Sleep. We could all use a little more of it. According to the CDC, more than 1/3 of Americans are sleep-deprived or suffer from self-imposed sleep deprivation. As a nation, we are not getting enough sleep. This, coupled with the stress of the pandemic, has further disrupted our sleep patterns. A report from the National Institutes of Health highlighted a study early in the pandemic that “revealed very high rates of clinically significant insomnia”, along with more acute stress, anxiety and depression.
If left unchecked, this can lead to chronic sleep deprivation, which can cause a myriad of illnesses and conditions including high blood pressure, diabetes, heart attack, heart failure or stroke. Sleep deprivation has also been linked to increased stress hormones in the body, obesity, depression, and impairment in immunity.
Why are we sleep deprived?
According to the National Sleep Foundation, healthy sleep for an adult is between 7.5 to 8.5 hours a night. Many adults are getting less than 7 hours of sleep a night. Factors including stress, changes in lifestyle, technology use, and unregulated sleep environments can all contribute to why we aren’t getting the rest we need.
Sleep is a valuable part of everyday health. Our bodies and brains need sleep to develop and function properly. Though many would believe sleep is when our brains and bodies rest, our bodies are actually hard at work restoring energy, repairing cells, and releasing essential hormones. Sleep serves as the ultimate time to heal and recover so we can take on the next day feeling rejuvenated and sharp. The benefits of a good nights rest can include:
- Improve concentration
- Sharpen memory planning skills
- Helps maintain health and weight
- Improve mood
- Improve sex
- Decreased risk of accidents
- Decreased risk of developing: Major depression, Diabetes, Cardiovascular illnesses, Cancer, Alzheimer’s
Tips to help you sleep better
Getting your best sleep is important but making it a priority can be a challenge. Follow these tips below to help you towards achieving a sufficient nights rest.
1. Make sleep an important part of your wellness routine.
Getting exercise and maintaining a healthy diet are often the parts we focus on when developing a wellness routine. Sleep should be included as an important piece of this puzzle to maintain overall health. When we prioritize sleep as much as we do exercise and eating well, we can start to experience a more holistic approach to our wellbeing.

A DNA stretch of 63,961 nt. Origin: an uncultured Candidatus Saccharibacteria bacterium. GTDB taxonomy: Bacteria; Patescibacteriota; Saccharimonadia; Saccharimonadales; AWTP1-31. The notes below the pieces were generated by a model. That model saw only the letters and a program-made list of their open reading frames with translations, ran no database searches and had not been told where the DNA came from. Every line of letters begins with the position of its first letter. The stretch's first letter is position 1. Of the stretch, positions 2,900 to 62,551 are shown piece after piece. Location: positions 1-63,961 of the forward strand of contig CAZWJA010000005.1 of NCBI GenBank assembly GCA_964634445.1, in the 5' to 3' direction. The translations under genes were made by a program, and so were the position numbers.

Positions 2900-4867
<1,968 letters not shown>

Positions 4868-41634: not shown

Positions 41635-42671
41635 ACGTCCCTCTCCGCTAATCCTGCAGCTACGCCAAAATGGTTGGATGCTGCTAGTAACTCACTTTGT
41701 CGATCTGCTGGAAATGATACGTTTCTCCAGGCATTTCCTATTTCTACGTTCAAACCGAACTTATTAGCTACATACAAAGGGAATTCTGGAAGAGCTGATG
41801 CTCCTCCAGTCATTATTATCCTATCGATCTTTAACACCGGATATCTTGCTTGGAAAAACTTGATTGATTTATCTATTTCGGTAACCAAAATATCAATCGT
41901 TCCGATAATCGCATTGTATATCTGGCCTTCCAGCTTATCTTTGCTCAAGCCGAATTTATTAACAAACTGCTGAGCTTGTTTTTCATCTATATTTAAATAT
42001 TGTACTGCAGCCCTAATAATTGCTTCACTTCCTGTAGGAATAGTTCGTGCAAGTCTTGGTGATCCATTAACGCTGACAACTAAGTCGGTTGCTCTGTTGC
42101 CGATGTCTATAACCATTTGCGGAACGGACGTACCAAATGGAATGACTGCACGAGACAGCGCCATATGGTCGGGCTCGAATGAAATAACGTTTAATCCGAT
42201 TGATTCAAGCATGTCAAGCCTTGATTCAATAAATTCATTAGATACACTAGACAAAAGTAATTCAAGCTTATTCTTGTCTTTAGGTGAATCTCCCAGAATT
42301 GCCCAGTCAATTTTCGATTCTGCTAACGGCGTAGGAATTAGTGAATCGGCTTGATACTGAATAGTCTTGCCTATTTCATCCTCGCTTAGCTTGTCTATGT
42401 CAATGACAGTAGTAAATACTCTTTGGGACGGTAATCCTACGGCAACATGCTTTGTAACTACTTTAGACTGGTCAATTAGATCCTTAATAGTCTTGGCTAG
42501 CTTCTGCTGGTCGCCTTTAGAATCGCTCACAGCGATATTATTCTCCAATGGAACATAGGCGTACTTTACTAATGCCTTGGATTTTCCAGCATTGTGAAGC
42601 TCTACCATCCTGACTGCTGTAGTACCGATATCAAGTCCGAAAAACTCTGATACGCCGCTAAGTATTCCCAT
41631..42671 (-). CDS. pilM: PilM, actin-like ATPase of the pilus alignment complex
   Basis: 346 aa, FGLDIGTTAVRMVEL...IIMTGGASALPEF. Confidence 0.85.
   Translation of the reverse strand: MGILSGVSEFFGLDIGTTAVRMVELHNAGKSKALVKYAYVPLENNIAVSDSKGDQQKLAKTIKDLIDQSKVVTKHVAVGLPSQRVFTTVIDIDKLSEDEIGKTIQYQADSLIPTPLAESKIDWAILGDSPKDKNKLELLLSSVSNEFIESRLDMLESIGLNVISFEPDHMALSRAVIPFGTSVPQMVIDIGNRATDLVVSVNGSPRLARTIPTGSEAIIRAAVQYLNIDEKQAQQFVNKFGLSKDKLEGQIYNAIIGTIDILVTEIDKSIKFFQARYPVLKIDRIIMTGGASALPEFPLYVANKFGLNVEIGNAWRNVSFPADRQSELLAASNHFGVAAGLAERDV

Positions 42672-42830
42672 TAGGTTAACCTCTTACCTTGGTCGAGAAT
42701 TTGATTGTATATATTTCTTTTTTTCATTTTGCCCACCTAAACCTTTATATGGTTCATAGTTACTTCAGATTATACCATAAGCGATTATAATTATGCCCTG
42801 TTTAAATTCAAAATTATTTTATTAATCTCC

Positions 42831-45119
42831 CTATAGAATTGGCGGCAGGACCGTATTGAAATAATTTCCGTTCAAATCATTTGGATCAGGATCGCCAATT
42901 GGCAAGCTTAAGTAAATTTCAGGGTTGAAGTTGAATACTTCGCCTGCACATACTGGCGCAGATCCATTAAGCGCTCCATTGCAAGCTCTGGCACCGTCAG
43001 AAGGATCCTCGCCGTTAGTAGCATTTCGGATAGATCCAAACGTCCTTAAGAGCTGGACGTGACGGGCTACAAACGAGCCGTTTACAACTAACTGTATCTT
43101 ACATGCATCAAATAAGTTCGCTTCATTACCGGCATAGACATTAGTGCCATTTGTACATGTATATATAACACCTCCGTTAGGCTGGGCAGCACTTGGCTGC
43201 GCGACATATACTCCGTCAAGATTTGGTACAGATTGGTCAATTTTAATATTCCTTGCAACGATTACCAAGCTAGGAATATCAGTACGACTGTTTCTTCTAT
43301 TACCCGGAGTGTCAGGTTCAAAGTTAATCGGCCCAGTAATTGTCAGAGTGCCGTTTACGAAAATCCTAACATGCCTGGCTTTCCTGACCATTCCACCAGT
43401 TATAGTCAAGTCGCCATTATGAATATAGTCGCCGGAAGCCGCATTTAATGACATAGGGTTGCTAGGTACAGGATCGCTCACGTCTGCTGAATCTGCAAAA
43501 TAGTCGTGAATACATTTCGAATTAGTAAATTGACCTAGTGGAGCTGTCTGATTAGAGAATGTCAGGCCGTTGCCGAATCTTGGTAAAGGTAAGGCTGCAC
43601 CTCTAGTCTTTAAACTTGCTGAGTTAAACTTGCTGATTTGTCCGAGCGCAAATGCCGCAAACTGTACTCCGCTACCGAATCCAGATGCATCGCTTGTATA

2. Prepare a bedtime ritual
Set a time to start preparing for bed, then create a ritual that will allow your mind and body to relax into proper sleep. Activities such as taking a warm bath, reading a book, or meditation can be done before bedtime to unwind from the day and ease you in to sleep. By making these activities part of your bedtime ritual, you can train yourself to associate these activities with sleep. This association will help you to move more easily into slumber.
3. Be consistent
Wake up at the same time every day, including weekends or days off. Waking at the same time every day will actually help you to sleep better at night. A fixed wake time helps to build a strong desire for sleep throughout wakefulness. This sleep drive gradually builds, and shortening it by sleeping in will make it harder to fall asleep the next night. Sleeping in on the weekend makes it much more difficult to wake up earlier on Monday morning.
4. Put away the smart phones and tablets, reduce lighting in your space
Electronic devices and the bright lights from our environments all work to stimulate the brain and keep us active. Dim the lights and put away the devices at least one hour before bed. This practice can be done as a part of your bedtime ritual to prepare the mind and body for sleep.
Other Sleep Resources:
Want to learn more about how sleep affects us? Watch the Whole U Speaker Series with Dr. Michael Vitiello, professor of Psychiatry & Behavioral Sciences, Gerontology & Geriatric Medicine, and Biobehavioral Nursing and take strides towards getting better sleep today.
Project Sleep, who has their annual “Sleep In” marathon in March. (https://project-sleep.com/sleepin/). The idea is that many people with sleep disorders are too sleepy to run a marathon, so we pledge to stay in bed for a few days and participate in fun awareness-building activities.